Customs and Border Protection is “weighing its options” regarding the necessity of furloughs this fiscal year, according to union officials involved in negotiations. CBP had previously planned to furlough all 60,000 of its employees due to the across-the-board spending cuts from sequestration.
Shawn Moran, a spokesman for the National Border Patrol Council -- which represents U.S. Border Patrol agents -- said the union was told Thursday its members would not face furloughs, but the details are still being negotiated and nothing is final.
CBP gained flexibility in implementing sequestration from a stopgap spending bill President Obama signed into law Tuesday. The continuing resolution kept the across-the-board cuts in place, but provided extra funding to the Homeland Security Department -- CBP’s parent agency -- to ease the impact on border security.
A spokesman for CBP declined to comment on the status of negotiations or the possibility of eliminating furloughs, but said the agency is in the process of analyzing any changes in the new spending bill.
“U.S. Customs and Border Protection is working diligently to analyze the fiscal year 2013 appropriations bill and sequestration impacts,” the spokesman said, “and is developing a plan to implement this budget in a way that minimizes the impact on operations and our workforce.”
Even if Border Patrol agents -- who originally faced 14 days of furloughs -- are not forced to take unpaid leave, CBP may still institute a freeze on overtime, which Moran called the officers’ “bread and butter.”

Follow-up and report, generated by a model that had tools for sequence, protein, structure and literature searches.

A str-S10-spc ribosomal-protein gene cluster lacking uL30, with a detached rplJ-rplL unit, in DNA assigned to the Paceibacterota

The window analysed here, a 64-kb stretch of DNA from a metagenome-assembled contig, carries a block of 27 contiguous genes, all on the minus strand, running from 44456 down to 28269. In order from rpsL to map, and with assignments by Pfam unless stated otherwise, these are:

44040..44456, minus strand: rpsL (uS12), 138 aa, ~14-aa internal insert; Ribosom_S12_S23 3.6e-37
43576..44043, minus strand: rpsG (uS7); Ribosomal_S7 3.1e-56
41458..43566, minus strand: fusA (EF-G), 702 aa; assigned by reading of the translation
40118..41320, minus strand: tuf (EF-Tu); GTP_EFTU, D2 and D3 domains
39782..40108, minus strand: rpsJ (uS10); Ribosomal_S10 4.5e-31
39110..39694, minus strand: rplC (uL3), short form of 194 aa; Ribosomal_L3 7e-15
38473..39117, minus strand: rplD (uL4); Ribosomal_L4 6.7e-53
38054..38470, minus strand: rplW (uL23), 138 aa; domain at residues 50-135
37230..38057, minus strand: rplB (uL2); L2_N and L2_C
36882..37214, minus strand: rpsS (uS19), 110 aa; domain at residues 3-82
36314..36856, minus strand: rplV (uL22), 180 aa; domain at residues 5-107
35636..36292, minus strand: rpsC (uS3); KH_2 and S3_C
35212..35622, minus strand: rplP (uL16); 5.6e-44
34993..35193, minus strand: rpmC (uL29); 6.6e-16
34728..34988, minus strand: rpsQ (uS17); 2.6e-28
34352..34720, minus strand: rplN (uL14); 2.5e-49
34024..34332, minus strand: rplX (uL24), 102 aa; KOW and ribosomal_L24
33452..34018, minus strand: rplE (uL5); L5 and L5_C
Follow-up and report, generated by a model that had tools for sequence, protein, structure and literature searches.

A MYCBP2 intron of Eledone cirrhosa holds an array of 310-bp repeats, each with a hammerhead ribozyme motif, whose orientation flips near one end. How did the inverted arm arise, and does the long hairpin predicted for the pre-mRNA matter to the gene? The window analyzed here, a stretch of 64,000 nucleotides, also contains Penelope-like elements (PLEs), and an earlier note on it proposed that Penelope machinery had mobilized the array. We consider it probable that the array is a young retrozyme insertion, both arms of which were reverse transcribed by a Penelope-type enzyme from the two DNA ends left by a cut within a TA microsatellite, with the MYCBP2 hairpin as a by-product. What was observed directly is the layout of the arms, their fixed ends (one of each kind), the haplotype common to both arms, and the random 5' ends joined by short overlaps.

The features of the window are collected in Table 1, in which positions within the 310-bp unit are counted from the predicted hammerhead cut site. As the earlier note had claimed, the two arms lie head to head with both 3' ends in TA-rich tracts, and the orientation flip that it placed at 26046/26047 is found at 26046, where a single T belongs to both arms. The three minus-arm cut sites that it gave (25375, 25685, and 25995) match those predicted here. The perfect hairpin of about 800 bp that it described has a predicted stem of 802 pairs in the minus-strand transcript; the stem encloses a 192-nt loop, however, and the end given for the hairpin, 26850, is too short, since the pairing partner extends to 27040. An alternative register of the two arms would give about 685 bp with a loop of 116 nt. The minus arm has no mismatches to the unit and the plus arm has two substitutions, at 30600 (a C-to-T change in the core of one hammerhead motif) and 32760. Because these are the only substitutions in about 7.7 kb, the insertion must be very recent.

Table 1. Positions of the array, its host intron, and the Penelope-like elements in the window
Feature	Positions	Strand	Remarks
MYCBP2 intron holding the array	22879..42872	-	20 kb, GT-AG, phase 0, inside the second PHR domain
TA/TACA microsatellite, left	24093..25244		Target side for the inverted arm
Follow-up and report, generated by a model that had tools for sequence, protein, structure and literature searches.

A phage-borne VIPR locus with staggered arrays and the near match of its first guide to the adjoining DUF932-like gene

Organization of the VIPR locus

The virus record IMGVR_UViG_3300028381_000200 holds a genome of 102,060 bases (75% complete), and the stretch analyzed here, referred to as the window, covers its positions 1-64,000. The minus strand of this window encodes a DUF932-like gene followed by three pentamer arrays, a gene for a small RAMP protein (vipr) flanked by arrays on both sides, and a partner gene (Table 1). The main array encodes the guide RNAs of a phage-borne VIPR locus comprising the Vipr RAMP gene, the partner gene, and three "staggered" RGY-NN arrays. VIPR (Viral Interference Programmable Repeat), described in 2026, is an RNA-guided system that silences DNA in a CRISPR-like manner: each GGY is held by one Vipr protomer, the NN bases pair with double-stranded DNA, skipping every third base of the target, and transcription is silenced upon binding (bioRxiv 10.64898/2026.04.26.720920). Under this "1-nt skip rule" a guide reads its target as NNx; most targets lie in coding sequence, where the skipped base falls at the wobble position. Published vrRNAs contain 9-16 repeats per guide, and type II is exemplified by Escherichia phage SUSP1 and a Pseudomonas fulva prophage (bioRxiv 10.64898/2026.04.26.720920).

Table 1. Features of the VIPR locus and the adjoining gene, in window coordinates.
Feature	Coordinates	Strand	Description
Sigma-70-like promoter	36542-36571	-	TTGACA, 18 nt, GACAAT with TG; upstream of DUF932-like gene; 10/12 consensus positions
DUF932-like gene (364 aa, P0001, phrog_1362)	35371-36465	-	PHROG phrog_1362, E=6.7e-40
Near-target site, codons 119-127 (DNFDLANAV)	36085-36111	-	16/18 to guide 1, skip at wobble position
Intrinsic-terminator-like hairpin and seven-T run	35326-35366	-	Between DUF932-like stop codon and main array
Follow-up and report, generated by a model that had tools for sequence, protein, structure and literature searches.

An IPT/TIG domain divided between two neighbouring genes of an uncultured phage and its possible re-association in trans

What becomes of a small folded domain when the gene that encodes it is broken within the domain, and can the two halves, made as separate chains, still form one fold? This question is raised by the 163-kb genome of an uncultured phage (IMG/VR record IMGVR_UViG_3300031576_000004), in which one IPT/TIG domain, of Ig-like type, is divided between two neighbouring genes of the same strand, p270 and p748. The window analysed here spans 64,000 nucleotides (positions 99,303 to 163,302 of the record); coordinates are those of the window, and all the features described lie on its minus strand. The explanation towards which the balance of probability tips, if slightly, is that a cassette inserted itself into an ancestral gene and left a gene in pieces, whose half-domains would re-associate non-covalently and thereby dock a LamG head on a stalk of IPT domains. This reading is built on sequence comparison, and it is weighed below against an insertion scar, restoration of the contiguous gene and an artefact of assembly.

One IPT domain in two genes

Moran said the union has been kept in the dark for much of the process and accused CBP of not “meeting its statutory and contractual obligation to bargain.” The CBP spokesman would not comment on anything involving negotiations.
Lawmakers have criticized DHS for not prioritizing its sequestration cuts.
“The Obama administration’s actions amount to nothing short of a calculated, willful neglect of what should be a president’s top priority: protecting the homeland and keeping Americans safe,” Sen. John Cornyn, R-Texas, the ranking member of the Senate Judiciary Subcommittee on Immigration, Refugees and Border Security, said Wednesday, of plans to furlough CBP employees and cut their overtime. “The fact that the administration would needlessly jeopardize the safety of American citizens as part of a continued misinformation campaign surrounding the effects of sequestration is outrageous and reprehensible.”
CBP would be the most recent in a string of agencies to reduce original estimates of sequestration’s impact. DHS initially planned to furlough its 50,000 Transportation Security Administration employees for seven days, but has since said the measure is not necessary. The Pentagon announced Wednesday it would furlough its civilian employees 14 days, rather than the 22 days originally scheduled, also citing flexibility from the new spending bill.